Lloyd divides his book into three parts, each representing a key period of the war and ending at a distinct transition event. Part 1, "War is not like maneuvers", Liege to the Second Battle of Champagne, August 1914-November 1915, spans Chapters 1-7. This part naturally covers the war's initial battles of movement as the combatants transitioned to the trench warfare that was to dominate the war's middle years. Part 2, "Scales of Fate", Verdun to the Second Battle of the Aisne, December 1915-May 1917, includes Chapters 8-15 and depicts the war as most people (mostly historians) today would envision the First World War--a stalemated trench war. Part 3, "A matter of command", Messines Ridge to Compiegne, June 1917-November 1918, contains Chapters 16-24 and shows the conflict regaining its mobility through the German Spring Offensive and the British breakthrough at Amiens. Lloyd finishes his book with an epilogue, a cast of characters (significant personalities of the war), a useful list of abbreviations, a list of references, a select bibliography, and an index. Lloyd also includes a short but nice selection of photographs at the end of the book in my Kindle edition.

Most WWI histories I have read quickly get into the standard themes of chateau generals, intolerable weather, atrocious conditions in the trenches, and the domination of artillery on these battlefields. Most English language histories I have read also emphasize the British aspects of the war at the expense of French participation, which is usually limited to the Marne, Verdun, and the Nieville Offensive. Lloyd takes a different tack with his book by equalizing the coverage of the armies and leaders and placing a spotlight on the political aspects of the war on both sides. He notes the changes in leadership during different phases of the war, along with the policy changes that go with new leaders. The author deftly works in details of the personalities of the various military leaders and how those personalities aided or hindered their army's effectiveness (I know I would not liked to have worked for French, Haig, Nieville, von Hindenburg, or Ludendorff).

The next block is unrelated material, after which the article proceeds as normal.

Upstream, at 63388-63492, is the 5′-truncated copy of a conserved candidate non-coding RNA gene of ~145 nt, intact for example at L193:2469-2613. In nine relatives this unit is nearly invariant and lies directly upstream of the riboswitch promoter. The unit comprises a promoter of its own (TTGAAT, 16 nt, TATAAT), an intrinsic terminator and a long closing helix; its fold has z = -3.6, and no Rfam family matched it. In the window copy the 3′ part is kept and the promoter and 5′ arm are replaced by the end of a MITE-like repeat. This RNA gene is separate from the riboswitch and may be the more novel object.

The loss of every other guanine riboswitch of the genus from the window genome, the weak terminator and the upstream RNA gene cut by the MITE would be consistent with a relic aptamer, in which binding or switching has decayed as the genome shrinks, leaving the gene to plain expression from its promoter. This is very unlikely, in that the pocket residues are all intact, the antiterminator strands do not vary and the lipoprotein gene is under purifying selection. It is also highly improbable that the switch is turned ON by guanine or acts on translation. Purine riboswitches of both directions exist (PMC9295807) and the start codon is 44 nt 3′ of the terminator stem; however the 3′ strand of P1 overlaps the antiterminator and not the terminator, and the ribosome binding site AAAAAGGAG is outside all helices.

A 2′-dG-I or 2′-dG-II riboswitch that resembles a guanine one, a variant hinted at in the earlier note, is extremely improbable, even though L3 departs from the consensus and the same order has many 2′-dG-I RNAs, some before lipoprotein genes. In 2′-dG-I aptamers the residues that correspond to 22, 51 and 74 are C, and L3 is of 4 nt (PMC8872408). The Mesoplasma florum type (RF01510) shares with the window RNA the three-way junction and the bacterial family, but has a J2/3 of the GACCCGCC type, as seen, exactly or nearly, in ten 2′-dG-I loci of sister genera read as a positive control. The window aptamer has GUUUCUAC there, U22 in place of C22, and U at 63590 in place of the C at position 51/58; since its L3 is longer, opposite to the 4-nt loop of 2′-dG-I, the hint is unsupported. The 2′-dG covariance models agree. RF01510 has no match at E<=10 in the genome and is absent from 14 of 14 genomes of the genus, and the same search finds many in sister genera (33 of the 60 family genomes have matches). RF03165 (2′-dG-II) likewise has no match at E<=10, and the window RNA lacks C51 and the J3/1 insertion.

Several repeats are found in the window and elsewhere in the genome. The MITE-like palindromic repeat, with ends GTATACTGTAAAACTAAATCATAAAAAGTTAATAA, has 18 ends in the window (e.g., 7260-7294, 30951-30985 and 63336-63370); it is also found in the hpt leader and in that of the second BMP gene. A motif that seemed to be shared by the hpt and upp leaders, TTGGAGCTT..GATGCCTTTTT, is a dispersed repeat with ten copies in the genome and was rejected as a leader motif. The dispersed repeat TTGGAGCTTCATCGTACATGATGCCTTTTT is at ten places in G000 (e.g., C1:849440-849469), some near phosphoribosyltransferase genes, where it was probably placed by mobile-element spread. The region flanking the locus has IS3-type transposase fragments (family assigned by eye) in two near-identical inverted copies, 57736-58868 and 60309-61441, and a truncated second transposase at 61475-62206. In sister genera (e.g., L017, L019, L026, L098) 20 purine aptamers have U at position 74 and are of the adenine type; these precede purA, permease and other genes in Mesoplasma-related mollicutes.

I think Lloyd did a great job in focusing solely on the Western Front. Most WWI histories are diluted by the inclusion of the wide-ranging naval war, the Mediterranean theater, and the Eastern Front. By concentrating on the key theater in which the war could be won or lost, Lloyd gets his readers quickly to what matters in the story of this archetype of Industrial Age warfare.

Give it a try!
… (mer)
Adakian | 2 andra recensioner | Feb 11, 2022 |
Productcode (EAN): 9789048858798
Verschijningsdatum: 7/05/2021
Aantal bladzijden: 791
Uitgeverij: Hollands Diep
Auteur(s): Nick Lloyd
Afmetingen: 136 mm x 212 mm
DirkLemmens | 2 andra recensioner | Dec 25, 2021 |